Every move in the Budget has to be evaluated against the backdrop of the warming monster that kills people (including staff on duty in the just concluded general election); that can drastically reduce agricultural productivity; can raise food prices and reduce real wages more than what seems apparent from an overall CPI index. 

It has caused forest fires in a region where the major river systems of the country originate. It has led, exacerbated by decades of predatory exploitation, to severe water problems in major cities. In short, it has the power to destroy us.

Moody’s Ratings has said public failure to address water scarcity could lower the credit rating of India. Maybe that will prod the finance ministry into placing climate warming front and centre. Short-term indicators like the Purchasing Managers’ Index do not matter as much as frequent disruptions to economic activity posed by climate forces, which can become more frequent and disruptive over time. The time to act is now.

Also read: Exam mess casts cyber scare over education

There is need for a new Central government initiative with municipalities. Within that umbrella, partnerships can be taken up in sequence with cities which put forward a viable programme for restoring underground aquifers. It can work like the Scheme for Special Assistance to States for Capital Investment, with the difference that cities would be invited to come forward with financial proposals for specific projects.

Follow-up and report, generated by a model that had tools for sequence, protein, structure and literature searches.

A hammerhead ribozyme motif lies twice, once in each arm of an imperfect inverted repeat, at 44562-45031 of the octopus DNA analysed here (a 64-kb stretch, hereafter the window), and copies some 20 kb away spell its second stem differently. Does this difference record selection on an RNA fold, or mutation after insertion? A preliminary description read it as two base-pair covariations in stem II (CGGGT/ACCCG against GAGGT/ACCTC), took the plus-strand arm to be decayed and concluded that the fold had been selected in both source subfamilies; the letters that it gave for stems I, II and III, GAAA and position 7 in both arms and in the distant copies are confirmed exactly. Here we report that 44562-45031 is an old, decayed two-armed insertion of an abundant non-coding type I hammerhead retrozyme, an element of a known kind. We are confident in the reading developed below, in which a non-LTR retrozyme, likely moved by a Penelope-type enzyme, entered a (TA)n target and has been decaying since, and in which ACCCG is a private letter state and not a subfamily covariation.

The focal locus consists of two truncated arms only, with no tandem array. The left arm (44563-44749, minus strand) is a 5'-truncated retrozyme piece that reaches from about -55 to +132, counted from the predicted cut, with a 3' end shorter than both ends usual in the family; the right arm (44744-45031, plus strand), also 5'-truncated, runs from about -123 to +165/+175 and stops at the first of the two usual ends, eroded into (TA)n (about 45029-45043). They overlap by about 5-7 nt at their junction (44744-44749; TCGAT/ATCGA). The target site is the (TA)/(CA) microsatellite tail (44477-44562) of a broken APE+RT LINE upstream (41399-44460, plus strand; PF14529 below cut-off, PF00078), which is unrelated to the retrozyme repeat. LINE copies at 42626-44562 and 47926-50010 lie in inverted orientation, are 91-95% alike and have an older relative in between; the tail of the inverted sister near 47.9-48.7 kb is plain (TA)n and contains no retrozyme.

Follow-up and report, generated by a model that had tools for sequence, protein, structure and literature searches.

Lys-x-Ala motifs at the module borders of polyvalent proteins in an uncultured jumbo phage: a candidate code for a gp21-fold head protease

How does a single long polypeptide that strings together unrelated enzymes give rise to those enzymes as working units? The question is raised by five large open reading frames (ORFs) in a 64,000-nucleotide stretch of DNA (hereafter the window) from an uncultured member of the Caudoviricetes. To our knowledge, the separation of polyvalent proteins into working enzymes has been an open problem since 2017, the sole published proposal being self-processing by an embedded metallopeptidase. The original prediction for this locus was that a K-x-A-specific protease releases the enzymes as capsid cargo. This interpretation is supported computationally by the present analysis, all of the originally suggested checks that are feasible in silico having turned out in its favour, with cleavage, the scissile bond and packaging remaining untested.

These city partnerships need not be fully funded by the Centre. There could be special purpose vehicles for each Centre-city partnership, financially contributed to by private individuals. The Forbes-list billionaires residing in big Indian cities could surely throw a few pennies into that hat, drawing inspiration from the famous 1975 rescue of the New York City municipality from bankruptcy by a financial vehicle formed by high-net-worth residents. But project supervision must be assigned to a board of engineers with professional credibility, unrelated to the financiers.

The flooding during the monsoons of several large cities with concomitant mixing of sewage and drinking water is a continuing health-hazard disgrace. The annual flooding of the Minto Bridge underpass is so predictable that it has become the signature of the monsoon in Delhi. A major commercial centre like Bhikaji Cama Place is periodically assailed by the stench of sewage overflow even in non-monsoon months.

What about the ambient warming brought about by global forces? Air-conditioners to cool interior spaces pump hot air into the exterior world, turning urban public spaces into furnaces. 

Subsidies to incentivize retrofitting of air-conditioners with more efficient motors at lower energy intensity and insulation of roofs and windows have been tried in other countries. We need to study initiatives successfully implemented elsewhere, such as country schemes within the Green Deal of the European Union, and build on them.

Also read: Budget to unveil major reforms, roadmap for Viksit Bharat: President Murmu